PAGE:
Diane di Prima has received grants from the National Endowment for the Arts (1973 and 1979) and an honorary degree from St. Lawrence University (1999). She was a finalist for poet laureate of San Francisco in 2002 and 2005 before becoming the city’s fifth laureate in 2009, and she was a finalist for poet laureate of California in 2003. She has garnered such honors as the Secret Six Medal of Valor (1987), the National Poetry Association lifetime service award (1993), the Aniello Lauri Award for creative writing (1994), the Fred Cody Award for lifetime achievement (2006), and the Reginald Lockett Lifetime Achievement Award (2008). As a female member of the Beat generation, she has had to labor under the stereotype of “Beat chick,” characterized by Jack Kerouac as girls “who say nothing and wear black.” The last decades of the twentieth century brought a gradual revision of this stereotype and greater recognition for her work. Although her poems have received little academic or critical attention, they have attracted a growing number of devoted readers.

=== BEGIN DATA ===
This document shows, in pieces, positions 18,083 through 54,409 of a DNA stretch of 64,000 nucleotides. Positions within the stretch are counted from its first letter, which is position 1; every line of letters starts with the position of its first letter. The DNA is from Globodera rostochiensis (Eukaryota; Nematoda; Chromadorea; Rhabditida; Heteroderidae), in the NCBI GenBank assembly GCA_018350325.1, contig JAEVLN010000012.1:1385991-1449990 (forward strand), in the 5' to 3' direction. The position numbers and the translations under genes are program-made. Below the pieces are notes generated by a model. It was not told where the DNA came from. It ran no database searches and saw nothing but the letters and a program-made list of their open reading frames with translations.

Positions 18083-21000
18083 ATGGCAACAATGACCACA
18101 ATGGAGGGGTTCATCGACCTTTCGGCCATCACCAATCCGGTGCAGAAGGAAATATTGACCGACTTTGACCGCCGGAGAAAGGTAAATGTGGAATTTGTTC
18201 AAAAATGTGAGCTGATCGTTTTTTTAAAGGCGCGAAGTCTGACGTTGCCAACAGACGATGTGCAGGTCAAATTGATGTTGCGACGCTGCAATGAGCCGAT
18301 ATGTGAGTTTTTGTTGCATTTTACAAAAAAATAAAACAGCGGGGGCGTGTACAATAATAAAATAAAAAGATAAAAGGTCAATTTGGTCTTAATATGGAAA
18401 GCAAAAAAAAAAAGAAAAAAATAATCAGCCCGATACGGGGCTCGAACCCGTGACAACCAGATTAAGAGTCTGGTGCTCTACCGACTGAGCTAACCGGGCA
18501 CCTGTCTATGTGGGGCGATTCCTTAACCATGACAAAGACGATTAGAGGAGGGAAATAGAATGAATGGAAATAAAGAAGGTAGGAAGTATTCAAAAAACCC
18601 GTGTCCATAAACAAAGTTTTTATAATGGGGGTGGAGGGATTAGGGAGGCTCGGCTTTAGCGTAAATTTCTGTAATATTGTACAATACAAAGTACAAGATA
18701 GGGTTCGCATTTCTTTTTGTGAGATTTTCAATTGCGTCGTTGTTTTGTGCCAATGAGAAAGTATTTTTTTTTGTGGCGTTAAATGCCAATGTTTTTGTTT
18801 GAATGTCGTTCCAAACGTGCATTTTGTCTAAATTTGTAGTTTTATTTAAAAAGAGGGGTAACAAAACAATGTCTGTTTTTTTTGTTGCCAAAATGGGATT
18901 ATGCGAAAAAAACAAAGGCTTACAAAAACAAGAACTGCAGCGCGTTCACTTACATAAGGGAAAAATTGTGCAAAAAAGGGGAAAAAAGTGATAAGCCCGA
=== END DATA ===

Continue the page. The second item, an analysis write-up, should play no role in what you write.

George F. Butterick has argued that di Prima’s greatest contribution to the poetry of her generation lies in her work as an organizer and editor/publisher, beginning with her collaboration on The Floating Bear, a monthly publication she published together with her occasional lover LeRoi Jones (who later changed his name to Amiri Baraka) in 1961 and for which she served as editor until 1969. Also in the 1960’s, she founded Poets Press, which published some thirty books of poetry and prose of such well-known figures as Herbert Huncke and Timothy Leary, as well as the anti-Vietnam War anthology War Poems (1968), edited by di Prima herself.
Even though di Prima has often been described as a minor constellation next to stars of the Beat generation such as Kerouac, Allen Ginsberg, William S. Burroughs, and Gregory Corso, her mature work since the 1970’s deserves critical attention. She is an important catalyst and chronicler of the bohemian counterculture of her generation. For more than half a century, despite sweeping changes that have transformed society, di Prima has remained true to many of the central tenets of radical thought as established by the Beats: rejection of government propaganda, exploration of mental and physical sensations, spirituality, spontaneity, and hope for a world free of constraints.